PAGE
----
‘Save our Staff’ protest calls for change

Students and faculty protest against recent job cuts and privatization efforts in front of Welch Hall.

The lay off of 60 secretarial positions at Eastern Michigan University sparked a protest outside Welch Hall by students and faculty. 

“Some of them [laid off secretaries] have been working for EMU for decades,” said Judy Kullberg, a political science professor at EMU and the president of EMU-AAUP. “Instead of being rewarded for their service they are being discarded as if they have no value.” 

The protest began at 12 p.m., March 15, where students, faculty and staff marched down the sidewalk along W. Cross St. Most carried bright yellow signs reading ‘NO CUT$’ and ‘save EMU staff’, while other carried homemade signs. While marching, participants chanted ‘EMU, shame on you’ and ‘chop from the top’ as loud as they could. Passing cars often honked in solidarity, resulting in cheers from the crowd. 

The protest comes in the wake of the recent lay off of 60 clerical secretarial positions, as well as a plan to privatize parking from the university. Protesters expressed frustration at the decision-making, as well as the lack of notice given to students and faculty about it. 

Margaret A. Miller, a graduate student at EMU, came to the protest because of the lay off of department secretary Nancy Romano. 

“It’s impossible for a department to function with only one secretary,” she said. “So we collectively wrote a letter for them, which is why I’m here today, just because it’s incredibly short-sighted to do something like that…support staff is what makes a business function, what makes an institution function.” 

A few students treated empty plastic bins as drums, the same bright yellow signs wrapped around the bins. One such student, Chris Beauchene, a current junior at EMU, expressed similar concerns.

“I don’t feel Eastern’s staff should be punished because the Board of Regents has made a series of bad decisions that’s put Eastern in a bad position financially,” he said. “Just from the numbers I’ve seen as far as what will get cut and what departments will lose money, it would grossly hurt our academic programs.” 

While there were only a dozen people 15 minutes before noon, the number grew to over 100 by the official starting time. The Lecturers Employee Organization (LEO) and Huron Valley Area Labor Federation carried signs during the march. 

After marching for half an hour, the crowd gathered around the fountain between Welch Hall and McKenny Hall. Multiple people took turns with a megaphone to address the crowd, including Kullberg.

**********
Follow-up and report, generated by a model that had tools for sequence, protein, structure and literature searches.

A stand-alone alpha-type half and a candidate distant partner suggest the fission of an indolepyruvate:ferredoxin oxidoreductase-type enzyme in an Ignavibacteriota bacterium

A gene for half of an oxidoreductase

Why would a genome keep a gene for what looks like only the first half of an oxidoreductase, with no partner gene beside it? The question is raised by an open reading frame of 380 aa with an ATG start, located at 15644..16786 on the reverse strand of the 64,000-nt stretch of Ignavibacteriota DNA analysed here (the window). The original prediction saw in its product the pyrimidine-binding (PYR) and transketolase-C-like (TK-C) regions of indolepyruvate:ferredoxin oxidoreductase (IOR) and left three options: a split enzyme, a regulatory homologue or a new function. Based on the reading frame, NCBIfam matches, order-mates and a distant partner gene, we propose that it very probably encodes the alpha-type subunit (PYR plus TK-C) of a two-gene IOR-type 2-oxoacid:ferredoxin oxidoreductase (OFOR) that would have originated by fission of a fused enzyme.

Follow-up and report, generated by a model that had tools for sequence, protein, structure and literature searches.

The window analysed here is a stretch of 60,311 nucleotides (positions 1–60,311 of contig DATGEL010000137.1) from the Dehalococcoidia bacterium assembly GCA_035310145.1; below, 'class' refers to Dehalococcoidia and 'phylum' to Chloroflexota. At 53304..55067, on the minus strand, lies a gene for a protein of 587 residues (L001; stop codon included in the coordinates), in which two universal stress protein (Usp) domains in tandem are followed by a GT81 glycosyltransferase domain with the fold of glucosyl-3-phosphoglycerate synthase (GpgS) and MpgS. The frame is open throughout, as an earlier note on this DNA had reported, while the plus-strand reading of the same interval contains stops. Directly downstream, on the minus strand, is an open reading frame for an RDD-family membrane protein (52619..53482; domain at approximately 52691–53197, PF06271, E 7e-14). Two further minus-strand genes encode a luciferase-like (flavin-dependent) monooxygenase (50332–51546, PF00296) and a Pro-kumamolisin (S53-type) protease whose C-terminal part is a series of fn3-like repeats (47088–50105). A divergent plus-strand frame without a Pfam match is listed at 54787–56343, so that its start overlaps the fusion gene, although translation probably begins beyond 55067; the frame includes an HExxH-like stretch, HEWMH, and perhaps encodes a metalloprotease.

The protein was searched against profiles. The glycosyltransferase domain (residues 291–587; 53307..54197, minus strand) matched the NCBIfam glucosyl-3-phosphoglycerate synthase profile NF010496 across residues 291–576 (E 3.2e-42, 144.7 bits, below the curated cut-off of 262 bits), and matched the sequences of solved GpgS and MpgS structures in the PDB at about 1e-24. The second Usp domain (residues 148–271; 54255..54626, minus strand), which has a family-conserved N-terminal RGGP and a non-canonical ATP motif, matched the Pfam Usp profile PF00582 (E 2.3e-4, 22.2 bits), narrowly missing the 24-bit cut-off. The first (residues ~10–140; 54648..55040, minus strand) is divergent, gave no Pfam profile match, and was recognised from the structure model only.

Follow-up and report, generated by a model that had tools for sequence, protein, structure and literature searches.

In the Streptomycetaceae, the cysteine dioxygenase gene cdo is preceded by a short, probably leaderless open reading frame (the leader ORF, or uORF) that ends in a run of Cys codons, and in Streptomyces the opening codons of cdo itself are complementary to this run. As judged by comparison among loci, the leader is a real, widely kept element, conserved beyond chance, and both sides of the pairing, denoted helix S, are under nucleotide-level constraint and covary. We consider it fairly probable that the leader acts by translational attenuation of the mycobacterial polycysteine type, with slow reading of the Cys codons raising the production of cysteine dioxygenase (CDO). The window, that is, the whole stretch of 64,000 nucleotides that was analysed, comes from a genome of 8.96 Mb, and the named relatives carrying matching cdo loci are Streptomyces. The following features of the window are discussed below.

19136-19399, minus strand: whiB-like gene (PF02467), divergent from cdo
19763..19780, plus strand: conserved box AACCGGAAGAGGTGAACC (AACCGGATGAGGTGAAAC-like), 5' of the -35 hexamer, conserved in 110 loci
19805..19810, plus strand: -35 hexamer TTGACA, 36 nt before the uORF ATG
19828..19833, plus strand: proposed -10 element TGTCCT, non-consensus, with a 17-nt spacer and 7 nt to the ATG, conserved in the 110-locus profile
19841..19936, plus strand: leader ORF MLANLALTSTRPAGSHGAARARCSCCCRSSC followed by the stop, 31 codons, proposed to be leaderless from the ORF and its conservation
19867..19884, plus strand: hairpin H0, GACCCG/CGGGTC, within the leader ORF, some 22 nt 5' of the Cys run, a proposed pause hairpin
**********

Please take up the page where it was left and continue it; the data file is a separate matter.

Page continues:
“The putts to staff and budget have been made without any consultation with the university community, nor input from faculty members from departments who best know what their students need,” she said. “This is a continuation of a pattern of ill-conceived decisions made at the top behind closed doors without any involvement from us.” 

Alex Nuttle, a student who had previously spoken at the city council meeting over the parking privatization plan, said the reason he came to EMU is no longer present in his eyes. 

“Education comes after athletics, privatization, punishing peaceful student protestors and shady back door dealings,” he said. “I have lost hope in this administration…but I have not lost hope in those people who have the power to make EMU the school it deserves to be.” 

Democratic candidates for governor Abdul El-Sayed and Bill Cobbs both made appearances at the protest and both spoke before the crowd at the fountain. 

“We can’t have state educational institutions that prioritize athletics more then they fund teaching, resources and support resources,” Cobbs said. “That’s what kids come here for: to get an education. Athletics are a nice thing, but they aren’t what this institution is about.” 

Cobbs expressed sympathy for the cause, saying he’s been part of labor unions in the past, such as the UAW and the Detroit Police Officers Association.  

“I recognize that if we don’t have the ability for people who work for a living to be secure in their employment, then we don’t have a great state to live in,” he said. 

Abdul El-Sayed’s father, Mohamed El-Sayed, is the director of engineering technology at EMU. Abdul said this gives him plenty of information on how the education works, equipping him with the knowledge to address the issues brought up during the protest. 

“I think we have to put structural barriers in place with the growth of administrative costs, we’ve got to make sure we’re empowering students first, we’ve got to make sure resources are focused on the kids in the classroom and the things they need to thrive,” he said. “We need to austerity measures are born equally.” 

Kullberg said there are better solutions then privatization and job cuts to the university’s economic problems. 

“The real origin of our current financial situation is overspending on athletics, we have no doubt about that,” she said. “We need to make hard decisions in this era of sharp levels of funding from the state; we can no longer afford such large athletic programs.

After the crowd was addressed, they made a few more rounds around Welch Hall until 1 p.m. 

EMU-AAUP and EMU Federation of Teachers will be hosting a town hall event to discuss the state of EMU on March 24 in Pray Harrold room 204. The vote on the privatization of the parking at EMU will take place at the Ypsilanti City Council building on April 17. 


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